The Social Implications of the Internet

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On the show: 06-30-06, Ze discussed online communities, taking issue with a sociologist who said that online communities may be bad for society. This page is for further analysis of the issue, and the proposal of a solution.


The following responses appeared as comments on Ze's the show page:

Forgive, me but I'm afraid I's gotz sum thinkin goings on in the noodlecase. Generally I agree with the things you say - today I disagree on the internet/friends topic (hurrah me! - boo you!) In the merry days of nascent internetting (1990s) there was a widespread feeling amongst its celebrants that the day of "digital community" and new tribal forms of social interaction would soon be nigh (These people also though raving was revolutionary). Soon enough, once a critical # of true believers made the online world truly manifest, huge corporations essentially bought out the internet. What once promised a new world of interconnectivity has become a realm where "communication" consists of product reviews & glib meaningless comments (read up or read down for examples). When this supercedes "real" interaction - that which involves the body (bloodsweatcumtears), we choose remote ease over actual presence and trick ourselves into thinking we are actually involved. The internet IS distance - when everywhere "becomes" here, any "there" outside of our remote access terminal seems to be unnecessary for our purpose - diversion from boredom... I agree that the internet has many possibilities (wikipedia being a fascinating example) and an ideal method for creative dissidents to reach many people at low cost (zefrank) but overwhelmingly, that which is successful, is bought out and co-opted. Example - Fox owns Myspace and every visitor, artist, individual ultimately profits Fox (the media architecture) not the content of contributors as the corporate principle of MAKE THE AUDIENCE WORK FOR US FOR FREE is increasingly applied to all media forms. Breadth replaces depth and we all become connected through wires and screens. We are all becoming cyborgs. Note the extent to which your conversations consist of discussing media. by Vin - 30 Jun 5:18p

Ze, I think you're off base in regards to the internet as an adequate replacement for real life friends. Human beings need personal interaction, and this is something the internet can not provide. This is what the sociologists were saying. Many historians as well believe this has been contributing to the current social climate in America. People in general care less about others than they did 50 years ago. Impersonal interaction breeds self-interested behavior. It always has and it always will. We are further removed from the valuable sources of human companionship. This is a serious problem. by Alex Bonwit - 4:09a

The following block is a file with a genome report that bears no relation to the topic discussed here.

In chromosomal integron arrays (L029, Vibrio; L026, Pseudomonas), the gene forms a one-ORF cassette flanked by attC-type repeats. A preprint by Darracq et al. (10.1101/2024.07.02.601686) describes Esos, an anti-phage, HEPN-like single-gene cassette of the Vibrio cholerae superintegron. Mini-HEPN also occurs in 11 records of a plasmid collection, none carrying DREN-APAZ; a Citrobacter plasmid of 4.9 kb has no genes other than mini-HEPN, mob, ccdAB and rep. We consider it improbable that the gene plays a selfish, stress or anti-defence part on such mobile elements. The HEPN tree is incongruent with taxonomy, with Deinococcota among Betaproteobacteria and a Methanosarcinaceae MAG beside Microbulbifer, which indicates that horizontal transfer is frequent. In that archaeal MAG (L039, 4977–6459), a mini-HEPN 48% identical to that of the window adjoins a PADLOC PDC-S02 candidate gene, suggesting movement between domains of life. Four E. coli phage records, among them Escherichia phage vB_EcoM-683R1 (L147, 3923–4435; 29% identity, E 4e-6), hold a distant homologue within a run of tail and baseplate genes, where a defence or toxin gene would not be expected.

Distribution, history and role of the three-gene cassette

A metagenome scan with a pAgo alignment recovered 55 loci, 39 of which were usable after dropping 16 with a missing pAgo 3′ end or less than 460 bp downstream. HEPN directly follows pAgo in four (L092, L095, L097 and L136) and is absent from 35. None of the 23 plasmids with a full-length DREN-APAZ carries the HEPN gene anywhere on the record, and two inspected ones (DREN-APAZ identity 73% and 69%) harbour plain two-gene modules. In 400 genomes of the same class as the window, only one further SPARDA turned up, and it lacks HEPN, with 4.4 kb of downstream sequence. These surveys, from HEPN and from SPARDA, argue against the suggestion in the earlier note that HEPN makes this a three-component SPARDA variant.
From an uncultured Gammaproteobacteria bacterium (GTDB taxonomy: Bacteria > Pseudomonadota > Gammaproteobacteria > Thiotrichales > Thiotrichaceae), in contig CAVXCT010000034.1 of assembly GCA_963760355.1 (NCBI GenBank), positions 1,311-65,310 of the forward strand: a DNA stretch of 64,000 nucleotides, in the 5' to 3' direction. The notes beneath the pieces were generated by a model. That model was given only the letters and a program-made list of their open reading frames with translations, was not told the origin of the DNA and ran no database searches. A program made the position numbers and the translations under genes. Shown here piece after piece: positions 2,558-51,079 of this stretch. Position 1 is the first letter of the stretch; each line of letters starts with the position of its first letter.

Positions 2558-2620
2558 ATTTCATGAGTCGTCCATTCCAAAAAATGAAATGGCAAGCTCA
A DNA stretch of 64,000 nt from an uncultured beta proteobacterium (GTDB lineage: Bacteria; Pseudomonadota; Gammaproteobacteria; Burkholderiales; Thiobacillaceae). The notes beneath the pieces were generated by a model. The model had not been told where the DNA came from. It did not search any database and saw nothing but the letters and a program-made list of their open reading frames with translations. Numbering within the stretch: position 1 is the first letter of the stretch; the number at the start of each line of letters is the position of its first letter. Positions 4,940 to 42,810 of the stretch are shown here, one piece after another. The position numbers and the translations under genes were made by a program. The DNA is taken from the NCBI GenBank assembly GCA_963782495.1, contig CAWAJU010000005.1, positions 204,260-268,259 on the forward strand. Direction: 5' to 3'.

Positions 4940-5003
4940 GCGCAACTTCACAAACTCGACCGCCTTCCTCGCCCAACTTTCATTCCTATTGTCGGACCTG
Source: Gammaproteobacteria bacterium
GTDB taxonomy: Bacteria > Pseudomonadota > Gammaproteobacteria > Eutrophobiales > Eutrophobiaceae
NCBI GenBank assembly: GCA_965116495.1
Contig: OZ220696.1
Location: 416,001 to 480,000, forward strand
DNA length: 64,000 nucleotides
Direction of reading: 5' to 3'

I feel like we're friends....through the internet, and as a one way, rather than two way, connection where I seem to know a bit more about you, than you me. But come on, isn't that satisfying? even just a little bit? Having friends you don't know? wait.....that doesn't sound right...... And I don't have a myspace page, so I can't play the ugly game, HOWEVER, I'll be sending over a little something that I have been working on, and I think that you'll be impressed.....that's what "friends" are for. Have a nice weekend mate. by Cara Lyn - 5:29a

And I sadly agree with Alex Bonwit, the decline in social behavior and decency seem to stem from our ever increasing lack of interaction with real world issues and actual human emotions. is. by Cara Lyn - 5:31a

"Wait, I thought you said close friends now you're talking about people who you discuss important matters with." - wiki haunt! - you got a point there, though religion and politics are something I avoid discussing with close friends and family; they already know where I stand; like if I'm into shorts or skirts this summer. but I love getting into those two topics with online strangers. however, personal life and death situation are something I would never discuss with online "strangers" people. mind your own fucking business there. you know me, but you don't know me that well. certainly you don't want strangers looking into your own fucking business, do you? other than the feds, insurance companies, pharmaceutical, banks and advertisers. by stranger - 11:29a

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